How do China’s Arctic ambitions factor into China’s Belt and Road Initiative and Made in China 2025?
China’s Arctic ambitions, especially its focus on maritime transport along the NSR – COSCO has conducted around 30 voyages so far – are complementary to the BRI. The Arctic Ocean is listed as one of three routes in the “Vision for Maritime Cooperation” under the BRI. The route offers an alternative transport corridor, which is likely to gain in importance over the coming decades as sea ice continues to melt and regular non-ice class vessels are able to routinely travel across the Arctic Ocean.
The country continues to strengthen its bilateral cooperation with Scandinavian countries, including a free trade agreement with Iceland in 2014, ongoing discussions with Norway on the same matter, or a joint Arctic research center with Finland.
In terms of “Made in China 2025,” the Arctic currently offers fewer opportunities as much of the existing economic activity in the region is of a heavy industrial nature. The region may hold promise in the realm of telecommunications – China is seeking cooperation with Finland for a laying of an undersea telecommunications cable – or for the procurement of valuable metals and rare earth elements found in Greenland, which are sought-after in high-tech manufacturing. In addition, new export routes across the High North may allow China to more expediently deliver higher value products to Europe.
The U.S. blocked a joint statement by the Arctic Council on climate change earlier this month – assess the impact of the U.S. approach on the Council’s leadership.
The current U.S. administration’s denial of climate change certainly complicates work within the Arctic Council. Much of the work of the Council is in one way or another connected to the impacts of climate change on the Arctic region. While initial disputes in these regards were able to be overcome during the 2017 ministerial meeting in Fairbanks, by the time of the Rovaniemi meeting earlier in May 2019, the administration’s policies regarding climate change represented an insurmountable hurdle to come to a joint declaration.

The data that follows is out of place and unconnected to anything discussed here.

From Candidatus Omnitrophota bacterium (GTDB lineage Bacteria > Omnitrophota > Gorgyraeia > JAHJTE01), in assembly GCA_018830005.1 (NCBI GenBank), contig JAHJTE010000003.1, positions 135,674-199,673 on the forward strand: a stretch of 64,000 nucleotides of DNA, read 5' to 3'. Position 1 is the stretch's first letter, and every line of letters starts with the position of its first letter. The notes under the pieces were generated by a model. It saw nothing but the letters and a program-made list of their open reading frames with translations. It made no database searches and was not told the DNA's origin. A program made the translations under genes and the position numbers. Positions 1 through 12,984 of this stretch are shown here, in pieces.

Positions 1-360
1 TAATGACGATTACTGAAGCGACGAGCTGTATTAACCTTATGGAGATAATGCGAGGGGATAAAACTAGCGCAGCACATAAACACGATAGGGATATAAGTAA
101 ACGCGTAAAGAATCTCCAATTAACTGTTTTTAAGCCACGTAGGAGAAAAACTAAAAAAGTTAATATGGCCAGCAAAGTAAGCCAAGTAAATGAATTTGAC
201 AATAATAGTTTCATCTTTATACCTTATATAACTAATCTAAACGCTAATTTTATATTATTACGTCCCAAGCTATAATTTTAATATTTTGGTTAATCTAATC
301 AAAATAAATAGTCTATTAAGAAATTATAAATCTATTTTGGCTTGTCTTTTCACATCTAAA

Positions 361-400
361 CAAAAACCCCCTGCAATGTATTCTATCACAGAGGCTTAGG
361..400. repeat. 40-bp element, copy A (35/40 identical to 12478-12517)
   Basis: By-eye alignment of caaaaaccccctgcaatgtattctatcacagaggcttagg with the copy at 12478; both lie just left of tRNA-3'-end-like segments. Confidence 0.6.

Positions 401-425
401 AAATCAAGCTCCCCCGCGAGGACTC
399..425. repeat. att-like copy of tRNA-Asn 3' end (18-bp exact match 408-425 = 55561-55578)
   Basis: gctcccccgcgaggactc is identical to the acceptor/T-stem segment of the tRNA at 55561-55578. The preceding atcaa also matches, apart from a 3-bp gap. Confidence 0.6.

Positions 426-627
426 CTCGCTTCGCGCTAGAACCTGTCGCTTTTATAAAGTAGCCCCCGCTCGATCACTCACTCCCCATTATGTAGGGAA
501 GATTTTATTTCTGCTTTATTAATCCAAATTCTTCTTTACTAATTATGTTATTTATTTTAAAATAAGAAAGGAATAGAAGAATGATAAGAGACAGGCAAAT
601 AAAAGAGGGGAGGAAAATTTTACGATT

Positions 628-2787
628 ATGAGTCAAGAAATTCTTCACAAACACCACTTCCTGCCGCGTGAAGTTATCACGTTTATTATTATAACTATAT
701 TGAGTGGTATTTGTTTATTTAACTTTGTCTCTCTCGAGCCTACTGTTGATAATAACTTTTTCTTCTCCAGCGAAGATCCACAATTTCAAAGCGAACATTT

In the short term, work of the Council may be impacted, likely less so on the working group level, but certainly on the ministerial level. Over the long term, assuming a revision in U.S. policy with a change of administration, more collaborative efforts will certainly resume.
As U.S.-China competition intensifies, how should U.S. policymakers and energy companies navigate China’s growing presence in the Arctic?
China has a legitimate economic and political interest in the region, as do all other Arctic and non-Arctic countries. As long as China abides by international norms and rules, be it environmental regulations, labor laws, or trade rules, its economic interests and investments should be understood as opportunities, not threats.
Importance lies in the continued engagement with and binding of China into the existing international fora and dialogues. Here, its acceptance as an observer in the Arctic Council was of vital importance.
In this regard, the United States’ brash statements directed at both China and Russia ahead of the [Arctic Council] ministerial meeting in Rovaniemi may prove to have been counterproductive. The best way to ensure continued peaceful cooperation in the region will lie in the strengthening of the Arctic Council, not the antagonization of select members or observers. This could weaken the collaborative nature of the Council and may push both China and Russia out of existing frameworks and networks.